10 Killed several Injured as Clashes Erupts after Mosques set on fire, between Muslim Rohingya and Buddhist Extremist in Myanmar


Rohingya Muslims Houses set on fire by Extremist BudhistJNN 22 Mar 2013 Yangoon : At least ten people in Myanmar have been killed with five wounded as extremist Buddhists set fire to several mosques in the city of Meiktila.

The death toll from clashes between extremist Buddhists and Muslim Rohingyas in central Myanmar has risen to at least 10 people, an MP says.

Clashes erupted late on Wednesday between extremist Buddhists and Muslim Rohingyas, according to a report issued by the Myanmar Police Force.

Police imposed an overnight curfew to control the situation, saying that at least three mosques had been destroyed.

“The situation is unpredictable,” said a local man, adding, “I can’t guess what will happen next. The violence could get worse.”

The unrest comes amid heightened tensions between the two sides which have left at least 180 people dead and more than a 100,000 Muslims displaced since June 2012.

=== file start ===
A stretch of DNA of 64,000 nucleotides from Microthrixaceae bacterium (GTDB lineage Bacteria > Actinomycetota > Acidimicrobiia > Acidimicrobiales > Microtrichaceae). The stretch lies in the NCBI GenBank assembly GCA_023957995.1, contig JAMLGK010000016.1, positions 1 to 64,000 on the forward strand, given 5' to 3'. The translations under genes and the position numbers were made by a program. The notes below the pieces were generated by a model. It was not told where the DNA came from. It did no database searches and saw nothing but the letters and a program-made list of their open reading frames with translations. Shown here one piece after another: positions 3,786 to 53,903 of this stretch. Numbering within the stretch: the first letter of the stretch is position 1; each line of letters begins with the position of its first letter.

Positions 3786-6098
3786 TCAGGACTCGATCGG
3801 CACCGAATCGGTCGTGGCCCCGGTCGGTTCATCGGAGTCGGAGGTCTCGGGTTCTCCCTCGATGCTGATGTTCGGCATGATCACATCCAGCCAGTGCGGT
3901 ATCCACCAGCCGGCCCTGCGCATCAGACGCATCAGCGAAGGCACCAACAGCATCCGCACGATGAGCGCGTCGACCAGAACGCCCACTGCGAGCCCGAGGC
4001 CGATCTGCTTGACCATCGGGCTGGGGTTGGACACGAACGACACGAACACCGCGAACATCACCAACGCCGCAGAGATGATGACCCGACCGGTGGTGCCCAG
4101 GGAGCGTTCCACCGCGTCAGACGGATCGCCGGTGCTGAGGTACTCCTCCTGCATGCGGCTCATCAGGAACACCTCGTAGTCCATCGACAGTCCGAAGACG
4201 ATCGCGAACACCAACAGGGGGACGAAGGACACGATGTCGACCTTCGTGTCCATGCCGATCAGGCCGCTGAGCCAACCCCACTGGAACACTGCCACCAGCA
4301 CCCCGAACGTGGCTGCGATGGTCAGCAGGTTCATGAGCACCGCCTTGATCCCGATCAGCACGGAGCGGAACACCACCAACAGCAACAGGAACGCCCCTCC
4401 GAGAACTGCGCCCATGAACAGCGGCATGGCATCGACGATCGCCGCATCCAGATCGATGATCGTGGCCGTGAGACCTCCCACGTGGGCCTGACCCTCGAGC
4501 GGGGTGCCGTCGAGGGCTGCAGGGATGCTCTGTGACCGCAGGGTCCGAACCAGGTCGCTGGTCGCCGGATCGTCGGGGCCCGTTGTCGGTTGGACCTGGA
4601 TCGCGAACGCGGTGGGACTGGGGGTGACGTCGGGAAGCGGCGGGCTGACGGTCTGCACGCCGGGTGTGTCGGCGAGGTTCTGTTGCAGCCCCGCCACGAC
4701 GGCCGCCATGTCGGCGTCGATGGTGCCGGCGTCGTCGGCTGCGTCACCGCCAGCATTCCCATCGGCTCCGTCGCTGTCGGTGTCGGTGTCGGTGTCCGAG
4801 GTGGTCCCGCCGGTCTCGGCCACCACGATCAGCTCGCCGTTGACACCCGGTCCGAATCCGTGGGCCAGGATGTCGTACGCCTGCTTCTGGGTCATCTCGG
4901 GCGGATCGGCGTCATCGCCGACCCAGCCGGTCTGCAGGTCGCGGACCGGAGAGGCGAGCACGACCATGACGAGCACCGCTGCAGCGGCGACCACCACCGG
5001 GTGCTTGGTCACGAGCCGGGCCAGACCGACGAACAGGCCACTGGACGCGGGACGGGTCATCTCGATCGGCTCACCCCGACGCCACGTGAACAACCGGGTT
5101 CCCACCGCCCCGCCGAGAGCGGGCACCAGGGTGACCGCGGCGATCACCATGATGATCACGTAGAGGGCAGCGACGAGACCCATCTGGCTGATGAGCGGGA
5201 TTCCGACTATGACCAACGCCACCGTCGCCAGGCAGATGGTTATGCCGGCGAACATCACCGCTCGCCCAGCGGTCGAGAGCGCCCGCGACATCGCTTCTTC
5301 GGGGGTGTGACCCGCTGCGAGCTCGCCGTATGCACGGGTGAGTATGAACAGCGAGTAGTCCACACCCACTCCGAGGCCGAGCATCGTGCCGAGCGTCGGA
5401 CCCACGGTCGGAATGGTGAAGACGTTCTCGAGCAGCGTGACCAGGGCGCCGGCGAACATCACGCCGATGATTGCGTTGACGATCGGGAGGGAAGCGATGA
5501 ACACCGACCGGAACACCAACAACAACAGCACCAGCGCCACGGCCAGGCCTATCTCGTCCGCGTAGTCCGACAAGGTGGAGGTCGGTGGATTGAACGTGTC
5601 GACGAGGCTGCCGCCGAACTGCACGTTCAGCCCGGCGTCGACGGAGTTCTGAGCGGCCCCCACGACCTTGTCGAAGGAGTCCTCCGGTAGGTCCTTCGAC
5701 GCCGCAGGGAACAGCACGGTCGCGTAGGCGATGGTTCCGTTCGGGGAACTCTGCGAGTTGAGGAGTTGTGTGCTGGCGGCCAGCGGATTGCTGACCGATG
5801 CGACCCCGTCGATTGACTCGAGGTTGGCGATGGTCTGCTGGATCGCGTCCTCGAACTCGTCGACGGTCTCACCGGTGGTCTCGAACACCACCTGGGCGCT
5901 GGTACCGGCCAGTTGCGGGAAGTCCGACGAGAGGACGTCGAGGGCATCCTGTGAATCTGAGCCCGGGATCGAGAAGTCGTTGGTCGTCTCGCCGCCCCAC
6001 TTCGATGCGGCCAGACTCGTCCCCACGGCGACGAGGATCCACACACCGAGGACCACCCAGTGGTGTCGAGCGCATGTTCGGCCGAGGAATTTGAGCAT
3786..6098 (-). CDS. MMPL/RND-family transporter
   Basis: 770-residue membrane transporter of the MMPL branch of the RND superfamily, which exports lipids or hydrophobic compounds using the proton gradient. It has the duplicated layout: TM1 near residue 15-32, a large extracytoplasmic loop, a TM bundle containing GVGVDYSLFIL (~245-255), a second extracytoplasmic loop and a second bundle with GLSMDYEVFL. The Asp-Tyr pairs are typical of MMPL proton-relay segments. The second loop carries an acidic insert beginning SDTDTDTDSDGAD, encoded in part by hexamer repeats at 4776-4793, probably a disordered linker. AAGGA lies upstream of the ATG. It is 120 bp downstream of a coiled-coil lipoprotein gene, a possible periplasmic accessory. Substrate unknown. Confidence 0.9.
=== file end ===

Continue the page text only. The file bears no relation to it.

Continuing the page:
On October 21, 2012, at least 11 Rohingya Muslims in Myanmar were killed after extremist Buddhists set fire to their houses in two Muslim villages in the city of Sittwe in the western Rakhine state.

The silence of the human rights organizations toward abuses against the Rohingya Muslims has emboldened the extremist Buddhists and Myanmar’s government forces.

The Buddhist-majority government of Myanmar refuses to recognize Rohingyas and has classified them as illegal migrants, even though the Rohingyas are said to be Muslim descendants of Persian, Turkish, Bengali, and Pathan origin, who migrated to Myanmar as early as the 8th century.

According to a statement released by Win Htein, a member of the opposition National League for Democracy party, on Thursday, “More than 10 people were killed.”

Clashes erupted late on Wednesday after extremist Buddhists set fire to several mosques in the city of Meiktila. Police imposed an overnight curfew to control the situation, saying that at least three mosques had been destroyed.

The unrest comes amid heightened tensions between the two sides which have left at least 180 people dead and more than a 100,000 Muslims displaced since June 2012.

On October 21, 2012, at least 11 Rohingya Muslims in Myanmar were killed after extremist Buddhists set fire to their houses in two Muslim villages in the city of Sittwe in the western Rakhine state.

The silence of the human rights organizations toward abuses against the Rohingya Muslims has emboldened the extremist Buddhists and Myanmar’s government forces.

The Buddhist-majority government of Myanmar refuses to recognize Rohingyas and has classified them as illegal migrants, even though the Rohingyas are said to be Muslim descendants of Persian, Turkish, Bengali, and Pathan origin, who migrated to Myanmar as early as the 8th century.

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